Sunday, May 22, 2022

Case of the Week 683

Answer to Case 683: Cryptosporidium sp. oocysts

The following OUTSTANDING discussion is from our guest author, Hadel Go, a third year medical student with a strong interest in clinical parasitology.


We received some excellent feedback! Thank you all for leaving comments on the blog, on Twitter, and on LinkedIn.

Yes, these are Cryptosporidium oocysts. These protozoans can be identified by their size and consistent red color on modified acid-fast staining of stool samples. They can also be diagnosed from H&E stained tissue biopsies (see images here: Cryptosporidium,, but nucleic acid amplification tests (NAATs) and immunofluorescence microscopy have the greatest sensitivity and specificity. The two main species that cause infection in humans are C. parvum and C. hominis, although several others are also capable. Species identification requires molecular methods like NAAT and/or sequencing.

Transmission is fecal-oral through food and water contaminated by stool from an infected person or animal. Some examples include swallowing pool water, eating unwashed fruits/vegetables from unsafe farms where produce is contaminated with feces containing oocysts (@StephenTristam on Twitter noted a strong association with farming communities), handling infected farm animals especially calves (@KevKeel brought up infections among vet students!), caring for an infected person, engaging in anal sexual contact (as mentioned by @RA_MLS), and touching your mouth with contaminated hands.

Cryptosporidiosis will present with explosive watery diarrhea, stomach pain, nausea, vomiting and fever 2-10 days after acquiring the parasite as seen in our 4-year-old case patient. These are self-limiting in most immunocompetent individuals. Replenishing fluids and electrolytes to prevent dehydration is usually sufficient. The infection is mainly concentrated in the small intestine, but complications can lead to malnutrition and wasting due to malabsorption or severe dehydration especially in babies.

Immunocompromised patients such as people with HIV/AIDS, inherited immune diseases, or on immunosuppressive drugs can progress to severe chronic infection which may become fatal. The respiratory tract can also be affected (respiratory cryptosporidiosis) resulting in a persistent cough.

Nitazoxanide is the FDA approved treatment for diarrhea caused by Cryptosporidium in immunocompetent patients ≥ 1 year of age. However, as Idzi P. mentioned in the comments, “efficacy in immunocompromised patients is not yet clear… for patients with HIV, anti-retroviral therapy (to improve immune status) could resolve the symptoms.”

Prevention is essential: practice good hygiene, wash hands often, do not swallow water when swimming, only drink filtered or treated water/ice especially when traveling or camping, practice safe sex, do not consume undercooked meat or unpasteurized milk/apple cider, wash your fruits and veggies. To avoid recurrent outbreaks, please do not go swimming if you have diarrhea or within two weeks of resolution of symptoms.

The differential diagnosis is a protozoa in the same family - Cyclospora cayetanensis (discussed in Case 457). It causes cyclosporiasis which presents similarly and can be differentiated from Cryptosporidium species by measuring the oocysts. Their location within enterocytes also varies; see photos from Case 343. The table below compares the two:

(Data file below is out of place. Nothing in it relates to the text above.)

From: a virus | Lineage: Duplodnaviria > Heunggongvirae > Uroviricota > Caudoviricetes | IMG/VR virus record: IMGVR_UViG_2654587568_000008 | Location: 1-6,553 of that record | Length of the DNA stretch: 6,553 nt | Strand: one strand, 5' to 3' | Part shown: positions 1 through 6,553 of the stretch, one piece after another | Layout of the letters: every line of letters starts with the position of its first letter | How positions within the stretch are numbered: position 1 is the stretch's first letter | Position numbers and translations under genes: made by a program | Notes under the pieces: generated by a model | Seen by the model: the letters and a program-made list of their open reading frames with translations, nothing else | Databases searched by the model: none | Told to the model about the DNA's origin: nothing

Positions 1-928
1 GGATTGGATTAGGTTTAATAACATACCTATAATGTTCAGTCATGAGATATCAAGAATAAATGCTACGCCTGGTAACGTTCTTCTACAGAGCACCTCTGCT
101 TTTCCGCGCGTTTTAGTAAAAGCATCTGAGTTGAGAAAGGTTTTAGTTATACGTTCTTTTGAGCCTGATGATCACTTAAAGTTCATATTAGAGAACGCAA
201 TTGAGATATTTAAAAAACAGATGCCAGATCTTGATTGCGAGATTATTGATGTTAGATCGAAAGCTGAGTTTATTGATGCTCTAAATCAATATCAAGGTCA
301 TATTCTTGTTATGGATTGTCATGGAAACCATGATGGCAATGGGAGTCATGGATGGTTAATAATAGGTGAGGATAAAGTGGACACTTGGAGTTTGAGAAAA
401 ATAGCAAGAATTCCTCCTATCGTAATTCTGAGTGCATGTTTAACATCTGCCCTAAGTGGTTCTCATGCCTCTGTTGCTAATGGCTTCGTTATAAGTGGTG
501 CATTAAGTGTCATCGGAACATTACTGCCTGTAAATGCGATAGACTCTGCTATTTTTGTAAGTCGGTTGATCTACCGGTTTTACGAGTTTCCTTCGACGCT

Cryptosporidium parvum

Cyclospora cayetanensis

Oocyst size

4-6 μm

7.5-10 μm

Acid-fast staining

Red staining (can be variable)

Often variable staining

Autofluorescence under UV

No (as pointed out by Idzi P.)


Location in enterocyte

Replicates outside the cytoplasm just below the cell membrane

Replicates within the cytoplasm


Oocysts are immediately infectious leading to massive outbreaks

Person-person transmission unlikely because sporulation can take weeks and occurs in the soil.

- Each sporulated oocysts contains 4 sporozoites.
- Cryptosporidium is resistant to chlorine treatments alone due to their protective outer shell.
- Ultraviolet light and boiling are effective ways to inactivate this protozoan.
- Cryptosporidium parvum oocysts are commonly found in young calves 1-4 weeks old.
- Cryptosporidium zoonotic infection can occur from sheep, cows, pigs, rodents and other animals.

LIFE CYCLE (3 developmental stages in bold)

1.      Oocysts (thick-walled spore, infective form) are shed in stool and ingested by host

2.      Excystation releases sporozoites which parasitize epithelial cells of the GI tract

3.      Meronts undergo asexual multiplication within the brush border

4.      Gamonts are produced from sexual multiplication

a.      Microgamonts = male; these rupture releasing microgametes

b.      Macrogamonts = female

5.      Microgametes fertilize macrogamonts forming a zygote

6.      Zygotes give rise to two types of oocysts

a.      Thin-walled oocysts cause autoinfection

b.      Thick-walled oocysts are excreted into the environment

Domain: Eukaryota
Clade: SAR
Infrakingdom: Alveolata
Phylum: Apicomplexa
Order: Eucoccidiorida
Family: Cryptosporidiidae

More information:
Parasites - Cryptosporidium (also known as "Crypto") | Cryptosporidium | Parasites | CDC
CDC - DPDx - Cryptosporidiosis Life Cycle

Thanks to Idzi P. for sharing the following articles about the 1993 outbreak in Milwaukee, WI (the largest known outbreak affecting ~400,000 people):
1. A Massive Outbreak in Milwaukee of Cryptosporidium Infection Transmitted through the Public Water Supply | NEJM
Costs of Illness in the 1993 Waterborne Cryptosporidium Outbreak, Milwaukee, Wisconsin



Patricia Gregg, MD said...

Fabulous lesson! Thank you for pulling into one place all this valuable information!

Anonymous said...

Thanks for this excellent review!

Anonymous said...

Another superb résumé Hadel!
Chapeau bas!

Idzi P. said...

Another superb résumé Hadel!
Chapeau bas!
(That anonymous one before was me too)